What you include in your smoothie has a direct impact on taste. Here are some tips for making sure the produce you select is ready and worthy of being included in your favorite aroniaberry smoothie recipe. At Superberries, we’ve taken care of the Frozen Aroniaberries to make sure that the berries are picked at the peak of ripeness and frozen to preserve the antioxidant and other nutrients.
Cantaloupes tell you when they’re ripe – the vine will naturally slip from the fruit when it’s harvest time. You’ll also notice the skin will turn creamy-beige under the “netted” pattern on the melon.
Kiwi contains twice as much vitamin C as an orange. When selecting green or gold kiwis, choose a plump, fragrant fruit that yields to gentle pressure. If only firm kiwis are available, ripen them for a few days before eating them. To ripen, keep kiwis out of the sunlight and away from heat sources. To speed up the process, put them in a paper bag or a vented plastic bag along with an apple, banana, or pear. Store the bag at room temperature for one to two days.
Lemons can kill bacteria as they have a high content of acid which makes them suitable for cleaning. Look for unblemished, firm lemons that feel heavy for their size and have no tinge of green. Avoid pale lemons, as they are older and will contain less juice.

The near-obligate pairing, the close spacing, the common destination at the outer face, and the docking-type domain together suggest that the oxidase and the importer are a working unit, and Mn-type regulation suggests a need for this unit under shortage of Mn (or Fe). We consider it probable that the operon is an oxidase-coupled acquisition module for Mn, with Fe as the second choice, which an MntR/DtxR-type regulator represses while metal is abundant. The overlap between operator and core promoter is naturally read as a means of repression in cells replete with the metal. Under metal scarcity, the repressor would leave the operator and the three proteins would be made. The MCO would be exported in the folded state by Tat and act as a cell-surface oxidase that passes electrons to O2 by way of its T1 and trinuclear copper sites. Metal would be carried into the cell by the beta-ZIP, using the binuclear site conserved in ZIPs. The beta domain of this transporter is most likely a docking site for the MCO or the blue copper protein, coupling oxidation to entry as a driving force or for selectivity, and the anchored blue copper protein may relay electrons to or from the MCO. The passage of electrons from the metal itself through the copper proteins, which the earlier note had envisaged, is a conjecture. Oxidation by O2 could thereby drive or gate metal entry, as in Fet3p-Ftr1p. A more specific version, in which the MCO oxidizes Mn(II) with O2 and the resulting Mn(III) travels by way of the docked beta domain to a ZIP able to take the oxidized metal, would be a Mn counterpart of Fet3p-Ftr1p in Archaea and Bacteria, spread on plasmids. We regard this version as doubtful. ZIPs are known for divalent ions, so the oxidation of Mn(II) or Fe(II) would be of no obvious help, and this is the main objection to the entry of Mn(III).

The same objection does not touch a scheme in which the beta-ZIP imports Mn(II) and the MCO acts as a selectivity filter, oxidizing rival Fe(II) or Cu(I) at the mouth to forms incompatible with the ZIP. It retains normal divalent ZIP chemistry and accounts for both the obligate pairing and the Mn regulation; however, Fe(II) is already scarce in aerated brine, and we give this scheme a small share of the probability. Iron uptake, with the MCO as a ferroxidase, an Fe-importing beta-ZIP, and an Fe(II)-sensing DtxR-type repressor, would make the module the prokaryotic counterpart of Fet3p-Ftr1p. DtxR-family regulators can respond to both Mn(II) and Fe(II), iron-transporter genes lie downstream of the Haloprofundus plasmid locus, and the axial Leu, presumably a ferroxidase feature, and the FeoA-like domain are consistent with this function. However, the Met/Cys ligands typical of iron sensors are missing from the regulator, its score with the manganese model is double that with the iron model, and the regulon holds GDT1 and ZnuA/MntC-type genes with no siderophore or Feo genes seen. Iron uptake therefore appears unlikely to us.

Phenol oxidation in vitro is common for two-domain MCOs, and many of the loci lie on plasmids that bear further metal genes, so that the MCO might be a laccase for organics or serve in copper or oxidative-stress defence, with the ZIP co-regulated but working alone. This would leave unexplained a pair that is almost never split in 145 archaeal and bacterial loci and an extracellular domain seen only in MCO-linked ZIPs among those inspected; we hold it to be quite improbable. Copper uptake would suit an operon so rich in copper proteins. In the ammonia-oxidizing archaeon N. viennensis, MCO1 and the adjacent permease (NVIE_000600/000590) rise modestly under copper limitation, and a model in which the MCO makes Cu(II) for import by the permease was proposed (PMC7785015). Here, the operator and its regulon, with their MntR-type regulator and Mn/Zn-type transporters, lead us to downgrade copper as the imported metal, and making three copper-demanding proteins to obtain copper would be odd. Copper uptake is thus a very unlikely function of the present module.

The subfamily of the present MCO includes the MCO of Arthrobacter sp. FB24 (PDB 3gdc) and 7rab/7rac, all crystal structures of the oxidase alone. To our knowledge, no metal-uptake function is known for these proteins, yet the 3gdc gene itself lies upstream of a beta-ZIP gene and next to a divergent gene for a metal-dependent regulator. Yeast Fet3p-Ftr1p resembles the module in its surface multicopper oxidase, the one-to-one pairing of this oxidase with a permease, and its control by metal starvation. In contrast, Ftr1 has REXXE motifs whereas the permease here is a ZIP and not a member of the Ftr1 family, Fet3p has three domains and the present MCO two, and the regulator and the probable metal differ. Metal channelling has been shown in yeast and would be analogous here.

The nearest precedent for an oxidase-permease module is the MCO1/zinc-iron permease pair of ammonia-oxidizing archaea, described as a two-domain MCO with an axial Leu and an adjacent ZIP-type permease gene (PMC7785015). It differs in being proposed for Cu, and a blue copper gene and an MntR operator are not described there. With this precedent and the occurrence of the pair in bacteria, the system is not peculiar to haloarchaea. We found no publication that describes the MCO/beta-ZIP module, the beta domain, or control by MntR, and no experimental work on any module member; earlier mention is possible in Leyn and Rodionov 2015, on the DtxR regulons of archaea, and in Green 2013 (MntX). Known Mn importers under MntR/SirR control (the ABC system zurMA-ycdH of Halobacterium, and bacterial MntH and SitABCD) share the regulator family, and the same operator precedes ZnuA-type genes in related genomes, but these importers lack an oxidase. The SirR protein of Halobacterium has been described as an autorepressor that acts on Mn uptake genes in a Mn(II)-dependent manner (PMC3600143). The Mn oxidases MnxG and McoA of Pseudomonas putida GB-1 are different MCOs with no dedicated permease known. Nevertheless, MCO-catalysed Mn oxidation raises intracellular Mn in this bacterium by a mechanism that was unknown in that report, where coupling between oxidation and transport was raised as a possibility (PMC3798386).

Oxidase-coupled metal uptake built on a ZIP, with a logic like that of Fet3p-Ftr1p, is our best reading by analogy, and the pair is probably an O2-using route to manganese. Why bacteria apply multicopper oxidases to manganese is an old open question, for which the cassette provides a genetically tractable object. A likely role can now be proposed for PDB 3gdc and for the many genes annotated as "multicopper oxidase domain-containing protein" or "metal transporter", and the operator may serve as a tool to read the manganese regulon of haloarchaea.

You should look for an overall softness while paying special attention to the top part of the fruit. You want to see the stem oozing with a little stickiness as it means it is ripe and perfect.
Color matters when selecting pineapples. To get the ripest, sweet tasting pineapple you want a yellow golden shell. Use your nose – it should have a light sweet scent. It should feel heavy for its size and have a firm, yet soft enough shell that gives slightly.
The ripest pomegranates are not shaped like balls. You will want to look for flattened angular sides rather than perfectly round spheres. The color of a pomegranate can vary from light to dark red. No matter the color, the real clues to ripeness are the smoothness and firmness of its tough leathery skin. Pick it up. A ripe pomegranate should feel heavy for its size; an indication that the seeds are full and juicy.
When selecting a watermelon, pick it up. Big or small, it should feel heavy for its size. Look for the yellow spot - watermelons develop a splotch where they rest on the ground. When this splotch is creamy yellow, it's ripe. Tap the underbelly. A ripe one will have a deep hollow sound. Under-ripe or overripe ones will sound dull.
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